What does it take to become a Scrum Master? I would say it takes a lot of thick skin, experience, and humility to master this role. However, the market’s definition of ‘fit’ for Scrum Masters scares me.
Most companies won’t hire someone who is not Scrum Master-certified. And the certificate itself is a massive trap: Anyone can get certified without understanding how to be a Scrum Master. For example, Scrum Alliance will certify you as a Scrum Master after a two-day training session, and Scrum.org will give you the badge after scoring 85% on an online exam. Does that mean you’re ready to do the job? Many companies would say yes, and I’d say no.
Certificates may help you understand Scrum’s basics, but won’t prepare you for the job.
Unfortunately, a flawed perception of a Scrum Master’s role will ensure many companies will never surpass a pointless version of Scrum. The challenge is that such companies are the ones that particularly need Scrum Masters because they need help making the shift to a truly Agile world. If luck isn’t on their side, they will end up hiring a Scrum Master not who is ready for the job, and relying on luck is a bad business strategy.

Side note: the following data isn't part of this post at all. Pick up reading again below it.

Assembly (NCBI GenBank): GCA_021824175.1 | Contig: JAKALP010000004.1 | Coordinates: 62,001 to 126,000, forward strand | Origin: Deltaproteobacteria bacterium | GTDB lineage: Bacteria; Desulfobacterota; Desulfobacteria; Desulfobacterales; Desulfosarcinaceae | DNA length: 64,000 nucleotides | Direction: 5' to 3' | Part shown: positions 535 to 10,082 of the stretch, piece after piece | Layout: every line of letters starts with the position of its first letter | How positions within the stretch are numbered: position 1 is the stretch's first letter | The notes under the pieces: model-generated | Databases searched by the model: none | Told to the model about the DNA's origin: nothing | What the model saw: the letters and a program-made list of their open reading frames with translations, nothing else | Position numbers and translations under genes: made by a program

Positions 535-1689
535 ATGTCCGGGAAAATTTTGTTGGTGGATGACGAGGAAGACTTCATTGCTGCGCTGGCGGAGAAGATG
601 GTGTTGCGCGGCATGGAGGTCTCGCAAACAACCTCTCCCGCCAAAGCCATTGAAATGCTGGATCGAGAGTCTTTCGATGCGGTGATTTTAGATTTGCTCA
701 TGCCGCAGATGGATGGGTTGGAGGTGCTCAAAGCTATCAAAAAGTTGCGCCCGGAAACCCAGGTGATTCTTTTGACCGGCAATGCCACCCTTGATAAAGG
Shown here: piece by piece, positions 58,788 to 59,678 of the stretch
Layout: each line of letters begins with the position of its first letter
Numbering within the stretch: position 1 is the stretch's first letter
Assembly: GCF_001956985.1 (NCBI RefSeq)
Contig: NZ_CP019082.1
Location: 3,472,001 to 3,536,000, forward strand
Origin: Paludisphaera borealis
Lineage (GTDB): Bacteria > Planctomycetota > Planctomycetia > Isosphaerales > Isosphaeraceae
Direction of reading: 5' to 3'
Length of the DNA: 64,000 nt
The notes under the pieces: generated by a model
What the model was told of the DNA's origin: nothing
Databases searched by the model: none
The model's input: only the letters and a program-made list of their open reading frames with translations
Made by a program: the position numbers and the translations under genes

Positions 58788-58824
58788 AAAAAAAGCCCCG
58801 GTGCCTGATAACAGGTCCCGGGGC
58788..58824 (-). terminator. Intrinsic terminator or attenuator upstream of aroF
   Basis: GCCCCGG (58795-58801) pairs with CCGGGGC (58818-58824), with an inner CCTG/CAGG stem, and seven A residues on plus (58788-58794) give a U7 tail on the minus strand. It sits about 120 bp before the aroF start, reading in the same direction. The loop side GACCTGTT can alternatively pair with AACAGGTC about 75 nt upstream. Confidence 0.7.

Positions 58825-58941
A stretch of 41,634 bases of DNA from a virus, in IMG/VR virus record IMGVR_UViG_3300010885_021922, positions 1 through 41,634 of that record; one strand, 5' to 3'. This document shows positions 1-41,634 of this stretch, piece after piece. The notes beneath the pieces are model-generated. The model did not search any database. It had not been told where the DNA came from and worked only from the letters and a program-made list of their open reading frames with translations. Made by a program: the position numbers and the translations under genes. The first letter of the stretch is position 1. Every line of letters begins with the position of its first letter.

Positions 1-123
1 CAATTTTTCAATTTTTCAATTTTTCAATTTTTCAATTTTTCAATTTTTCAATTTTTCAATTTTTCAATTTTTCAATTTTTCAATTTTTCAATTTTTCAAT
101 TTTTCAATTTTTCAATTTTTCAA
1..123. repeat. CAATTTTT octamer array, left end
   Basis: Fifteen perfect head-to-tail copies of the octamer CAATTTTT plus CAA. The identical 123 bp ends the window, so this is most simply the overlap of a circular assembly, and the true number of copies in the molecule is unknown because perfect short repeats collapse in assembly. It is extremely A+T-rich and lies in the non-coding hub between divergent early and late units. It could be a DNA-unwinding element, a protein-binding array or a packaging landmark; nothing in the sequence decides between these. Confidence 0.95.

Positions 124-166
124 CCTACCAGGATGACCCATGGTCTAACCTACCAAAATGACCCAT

Let me share common Scrum Masters traps and what it takes to succeed in this role.
Bad Scrum Masters
If you’d ask ten companies what a Scrum Master is, you’d probably get ten different answers. And if you’d ask ten employees of the same company, you’d potentially get ten different answers, too. That makes it incredibly hard to find Scrum Masters because these people should master the role and help the organization understand what Scrum is and how to excel in it.
What puzzles me is how people get into the role of a Scrum Master. Some common ways are: